"With the aid of soap films we have solved variational mathematical problems, which appear in the formulation of many physical problems", explains Carlos Criado, professor at the University of Málaga, speaking to SINC. Together with his colleague Nieves Álamo, he has just published his work in the American Journal of Physics.
Soap films always adopt the shape which minimises their elastic energy, and therefore their area, so that they turn out to be ideal in the calculus of variations, "where we look for a function that minimises a certain quantity (depending on the function)", adds the researcher.
"Of course there are other ways to solve variational problems, but it turns out to be surprising, fun and educative to obtain soap films in the shape of brachistochrones, catenaries and semicircles", Criado emphasises.
The professor offers the example of the famous problem of the brachistochrone curve. What shape must a wire be in order that a ball travels down it from one end to the other (at a different height) as rapidly as possible? The answer is the brachistochrone (from the Greek brachistos, the shortest, and cronos, time), the curve of fastest descent.
New methods for old problems
The mathematician Johann Bernoulli found the answer centuries ago when he realised that it was a cycloid (the curve described by a point on a circle rolling along a line). That was the origin of the calculus of variations, which was also used in other classic problems, like that of the catenary (the shape of a chain suspended by its endpoints) and the isoperimetric curve (a curve which maximises the area it encloses).
The study shows that these calculations may be related to Plateau's problem, that is, to find the shape adopted by a soap film under certain boundary restrictions. Besides, the researchers show how to design the experiments, constraining the soap films between two surfaces in such a way as to obtain the appropriate curves.
Other Spanish researchers, like Isabel Fernández, of the University of Seville, and Pablo Mira, of the Polytechnic University of Cartagena, have succeeded in finding for the first time the solution to specific mathematical problems (the Bernstein problem in the Heisenberg space) with the help of soap films.
References: C. Criado y N. Alamo. "Solving the brachistochrone and other variational problems with soap films". American Journal of Physics 78 (12): 1400-1405, diciembre de 2010.
SINC | EurekAlert!
Explained: Why water droplets 'bounce off the walls'
27.02.2020 | University of Warwick
Scientists 'film' a quantum measurement
26.02.2020 | Stockholm University
Researchers at the University of Bayreuth have discovered an unusual material: When cooled down to two degrees Celsius, its crystal structure and electronic properties change abruptly and significantly. In this new state, the distances between iron atoms can be tailored with the help of light beams. This opens up intriguing possibilities for application in the field of information technology. The scientists have presented their discovery in the journal "Angewandte Chemie - International Edition". The new findings are the result of close cooperation with partnering facilities in Augsburg, Dresden, Hamburg, and Moscow.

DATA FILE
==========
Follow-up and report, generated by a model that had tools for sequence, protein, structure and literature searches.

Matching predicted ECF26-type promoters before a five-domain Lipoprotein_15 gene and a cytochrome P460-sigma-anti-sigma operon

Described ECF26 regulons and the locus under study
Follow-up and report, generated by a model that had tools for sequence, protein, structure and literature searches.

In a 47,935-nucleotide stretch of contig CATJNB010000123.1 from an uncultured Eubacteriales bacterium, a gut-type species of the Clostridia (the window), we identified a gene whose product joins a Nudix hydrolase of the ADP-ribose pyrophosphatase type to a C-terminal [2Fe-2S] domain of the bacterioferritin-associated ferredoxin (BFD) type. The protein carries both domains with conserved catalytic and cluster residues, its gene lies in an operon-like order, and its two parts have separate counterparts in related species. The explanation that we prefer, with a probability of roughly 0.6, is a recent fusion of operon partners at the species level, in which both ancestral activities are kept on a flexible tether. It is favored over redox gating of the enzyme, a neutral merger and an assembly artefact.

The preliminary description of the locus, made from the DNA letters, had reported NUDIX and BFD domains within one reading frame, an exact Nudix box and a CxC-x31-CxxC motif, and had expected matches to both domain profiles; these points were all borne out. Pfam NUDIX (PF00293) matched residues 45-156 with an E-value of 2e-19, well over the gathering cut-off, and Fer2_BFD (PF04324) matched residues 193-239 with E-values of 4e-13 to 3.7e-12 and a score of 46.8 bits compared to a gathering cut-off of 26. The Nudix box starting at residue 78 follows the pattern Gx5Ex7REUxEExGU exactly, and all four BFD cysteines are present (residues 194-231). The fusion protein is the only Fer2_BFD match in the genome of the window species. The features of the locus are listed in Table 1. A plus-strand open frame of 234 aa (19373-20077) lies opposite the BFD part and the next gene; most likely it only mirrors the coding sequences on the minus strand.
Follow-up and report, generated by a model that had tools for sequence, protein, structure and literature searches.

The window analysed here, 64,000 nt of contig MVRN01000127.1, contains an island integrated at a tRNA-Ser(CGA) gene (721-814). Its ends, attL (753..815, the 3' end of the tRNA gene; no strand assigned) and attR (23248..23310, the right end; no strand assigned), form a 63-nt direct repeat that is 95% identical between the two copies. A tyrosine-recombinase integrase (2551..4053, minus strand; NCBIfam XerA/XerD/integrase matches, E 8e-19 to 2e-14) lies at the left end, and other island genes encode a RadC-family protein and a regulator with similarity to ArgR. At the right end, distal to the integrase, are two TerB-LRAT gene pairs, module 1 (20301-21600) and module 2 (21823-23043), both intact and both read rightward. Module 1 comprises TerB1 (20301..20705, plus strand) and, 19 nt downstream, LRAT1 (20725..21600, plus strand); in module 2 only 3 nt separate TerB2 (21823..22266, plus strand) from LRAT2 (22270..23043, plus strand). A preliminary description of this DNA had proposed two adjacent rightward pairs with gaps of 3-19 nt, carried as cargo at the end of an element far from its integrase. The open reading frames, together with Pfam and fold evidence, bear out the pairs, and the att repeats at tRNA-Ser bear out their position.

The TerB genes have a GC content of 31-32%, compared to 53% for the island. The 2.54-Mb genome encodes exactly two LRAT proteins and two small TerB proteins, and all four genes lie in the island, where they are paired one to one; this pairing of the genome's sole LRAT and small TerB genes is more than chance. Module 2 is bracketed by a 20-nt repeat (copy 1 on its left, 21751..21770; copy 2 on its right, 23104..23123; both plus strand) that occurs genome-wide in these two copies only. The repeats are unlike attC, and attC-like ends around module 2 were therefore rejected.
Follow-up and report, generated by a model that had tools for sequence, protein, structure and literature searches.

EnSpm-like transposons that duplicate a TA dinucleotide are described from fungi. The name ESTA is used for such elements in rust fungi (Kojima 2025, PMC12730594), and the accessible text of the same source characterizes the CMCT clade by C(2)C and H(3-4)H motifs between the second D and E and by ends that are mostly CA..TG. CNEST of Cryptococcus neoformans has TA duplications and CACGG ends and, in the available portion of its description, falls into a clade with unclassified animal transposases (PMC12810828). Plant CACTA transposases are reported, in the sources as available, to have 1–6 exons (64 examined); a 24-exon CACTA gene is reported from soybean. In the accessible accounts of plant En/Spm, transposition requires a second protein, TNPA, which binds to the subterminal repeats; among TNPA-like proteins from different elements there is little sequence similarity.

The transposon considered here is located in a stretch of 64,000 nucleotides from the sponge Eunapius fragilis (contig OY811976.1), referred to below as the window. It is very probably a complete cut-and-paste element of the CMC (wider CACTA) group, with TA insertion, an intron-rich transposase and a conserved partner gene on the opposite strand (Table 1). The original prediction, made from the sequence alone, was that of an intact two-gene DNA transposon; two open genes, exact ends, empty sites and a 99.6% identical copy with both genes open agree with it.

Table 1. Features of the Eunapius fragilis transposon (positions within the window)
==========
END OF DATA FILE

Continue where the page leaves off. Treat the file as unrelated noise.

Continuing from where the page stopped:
The material is an unusual form of iron oxide with the formula Fe₅O₆. The researchers produced it at a pressure of 15 gigapascals in a high-pressure laboratory...
Study by Mainz physicists indicates that the next generation of neutrino experiments may well find the answer to one of the most pressing issues in neutrino physics
Among the most exciting challenges in modern physics is the identification of the neutrino mass ordering. Physicists from the Cluster of Excellence PRISMA+ at...
Fraunhofer researchers are investigating the potential of microimplants to stimulate nerve cells and treat chronic conditions like asthma, diabetes, or Parkinson’s disease. Find out what makes this form of treatment so appealing and which challenges the researchers still have to master.
A study by the Robert Koch Institute has found that one in four women will suffer from weak bladders at some point in their lives. Treatments of this condition...
The operational speed of semiconductors in various electronic and optoelectronic devices is limited to several gigahertz (a billion oscillations per second). This constrains the upper limit of the operational speed of computing. Now researchers from the Max Planck Institute for the Structure and Dynamics of Matter in Hamburg, Germany, and the Indian Institute of Technology in Bombay have explained how these processes can be sped up through the use of light waves and defected solid materials.
Light waves perform several hundred trillion oscillations per second. Hence, it is natural to envision employing light oscillations to drive the electronic...
Most natural and artificial surfaces are rough: metals and even glasses that appear smooth to the naked eye can look like jagged mountain ranges under the microscope. There is currently no uniform theory about the origin of this roughness despite it being observed on all scales, from the atomic to the tectonic. Scientists suspect that the rough surface is formed by irreversible plastic deformation that occurs in many processes of mechanical machining of components such as milling.
Prof. Dr. Lars Pastewka from the Simulation group at the Department of Microsystems Engineering at the University of Freiburg and his team have simulated such...
12.02.2020 | Event News
16.01.2020 | Event News
15.01.2020 | Event News
27.02.2020 | Life Sciences
27.02.2020 | Life Sciences
27.02.2020 | Life Sciences